For 2019, Lincoln's mid-sizer was renamed from MKX to Nautilus and was thoroughly refreshed. As a result, the 2020 Lincoln Nautilus is largely a carryover. The only notable change is that the Select trim level has been dropped, leaving three trims for buyers to choose between.
Choosing Your Lincoln Nautilus
The Lincoln Nautilus is available in three trims: Standard, Reserve, and Black Label. Pricing starts at $42,680 including destination for the Standard and climbs to $65,440 for the Black Label.
The Standard and Reserve have a 2.0-liter turbocharged four-cylinder engine under the hood. A 2.7-liter twin-turbo V6 is standard on the Black Label and available on the Reserve for $4,995.
|Engine Type||Horsepower||Torque||Fuel Economy (Combined)|
|2.0L Turbo 4-Cylinder||250 hp||280 lb-ft||23 mpg|
|2.7L Twin-Turbo V6||335 hp||380 lb-ft||21 mpg|
Both engines mate to an eight-speed automatic transmission. Standard and Reserve models come standard with front-wheel drive, but all-wheel drive is available for $2,495. Black Label models get standard AWD.
Lincoln claims both engines can tow 3,500 pounds. Perhaps they both can, but there's no doubt that the 2.7-liter will do so far more effortlessly than its four-pot companion. Even when it's not towing, the extra muscle of the V6 makes on-ramps and passing effortless exercises, and there's hardly a fuel economy penalty to boot.
Passenger and Cargo Capacity
No third-row option means all Nautilus models are five-seaters. Rear seats don't offer fore and aft adjustment, but the available rear legroom is more than what's found in the Lexus RX and right in line with the Cadillac XT5.
The way-back of the Nautilus is fairly spacious, offering 37.2 cubic feet of storage space with the rear seats in place and 68.8 cubes with them folded. The rear seats fold completely flat for easy loading of bulky cargo.
Every Nautilus comes from the factory with the Lincoln Co-Pilot360 suite of active safety features. Nearly all the good stuff is included: automatic emergency braking, blind-spot monitoring, lane keeping assist, and automatic high-beams.
The Lincoln Co-Pilot360 Plus bundle brings adaptive cruise control, a surround-view camera system, an automated parking system, a forward sensing system, and adaptive steering with evasive steering assist. This is standard on the Black Label and available on the Reserve for $2,995.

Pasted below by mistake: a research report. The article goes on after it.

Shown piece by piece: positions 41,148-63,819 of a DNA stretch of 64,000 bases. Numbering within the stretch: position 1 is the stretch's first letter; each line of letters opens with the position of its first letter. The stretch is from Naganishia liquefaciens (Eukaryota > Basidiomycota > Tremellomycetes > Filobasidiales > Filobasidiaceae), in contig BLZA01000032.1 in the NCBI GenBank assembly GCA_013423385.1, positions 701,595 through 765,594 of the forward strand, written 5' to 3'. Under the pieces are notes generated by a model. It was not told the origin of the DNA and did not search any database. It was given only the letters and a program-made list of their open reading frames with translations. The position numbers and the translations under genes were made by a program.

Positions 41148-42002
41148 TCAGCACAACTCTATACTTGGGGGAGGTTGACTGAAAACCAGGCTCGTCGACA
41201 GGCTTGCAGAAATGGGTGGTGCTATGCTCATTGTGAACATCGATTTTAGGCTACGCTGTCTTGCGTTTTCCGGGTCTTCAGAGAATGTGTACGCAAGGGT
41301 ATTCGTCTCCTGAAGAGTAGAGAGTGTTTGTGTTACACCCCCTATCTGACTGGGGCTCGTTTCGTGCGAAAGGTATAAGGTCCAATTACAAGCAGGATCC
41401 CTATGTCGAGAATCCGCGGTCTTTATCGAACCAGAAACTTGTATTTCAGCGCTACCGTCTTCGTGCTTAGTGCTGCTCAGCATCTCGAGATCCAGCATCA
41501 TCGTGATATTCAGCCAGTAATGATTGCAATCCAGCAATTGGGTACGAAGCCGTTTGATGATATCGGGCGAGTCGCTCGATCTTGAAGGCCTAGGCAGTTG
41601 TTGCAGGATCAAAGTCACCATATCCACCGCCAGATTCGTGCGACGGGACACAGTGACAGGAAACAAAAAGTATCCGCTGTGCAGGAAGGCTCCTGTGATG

A standard 8-inch touchscreen is the command center for the Sync 3 infotainment software. The system includes Apple CarPlay, Android Auto, wi-fi capability, SiriusXM, Bluetooth, and a CD player for those still holding on to their disc collection.
The dashboard is a fully digital affair, with its 12.3-inch screen offering multiple displays and a wealth of informative data. No head-up display is available, however, not even on the Black Label.
Backseat riders can pass the time with an available rear-seat entertainment system ($1,995), and everybody can enjoy the optional 11-, 13-, and 19-speaker Revel audio systems.
The Standard Nautilus wears rather small-seeming 18-inch wheels, but otherwise it looks luxury with its chrome trim, full LED lighting, and bold grille. Other standard features include 10-way power front seats, a power liftgate, dual-zone climate control, and remote keyless entry.
The $2,065 Standard I equipment collection includes niceties like voice-activated navigation, different 18-inch wheels, leather upholstery, and a universal garage door opener.
The mid-trim Reserve brings plenty of upgrades over the Standard. Besides making the contents of the Standard I, well, standard, there's also heated and cooled front seats, a 13-speaker Revel audio system, a wireless charging pad, a hands-free liftgate, and ambient lighting.
Reserve models further boast of heated rear seats, a heated steering wheel, and a panoramic roof. Lincoln's Embrace II, which is the brand's term for puddle lights that automatically illuminate upon approaching the car, is also standard.
For $3,375, buyers can opt for the Reserve I equipment collection. This includes Lincoln Co-Pilot360 Plus, 20-inch wheels, and upgraded Bridge of Weir leather. Heated and ventilated 22-way power front seats are a $1,500 option.
Those willing to shell out the cash for a Black Label enjoy first-rate service that includes a mobile showroom, an assigned concierge, remote vehicle delivery, anytime car washes, annual detailing, and a premium maintenance plan. But the real showstopping bit is the interior, which is done up in an exclusive themed color combination that's highly opulent in look and feel.
In the case of the Nautilus, there are three themes to pick from: Gala, Chalet, and Thoroughbred. Each uses distinctive colors, quilting patterns, and wood trims. All are decked out with every option but the rear-seat entertainment and 22-way power seats.
Black Labels are very nice, but unless you're going to utilize all the included service,s you're better off with a Reserve trim. It's very well equipped and offers plenty of options without breaking the bank, making it the best choice of the three 2020 Lincoln Nautilus models.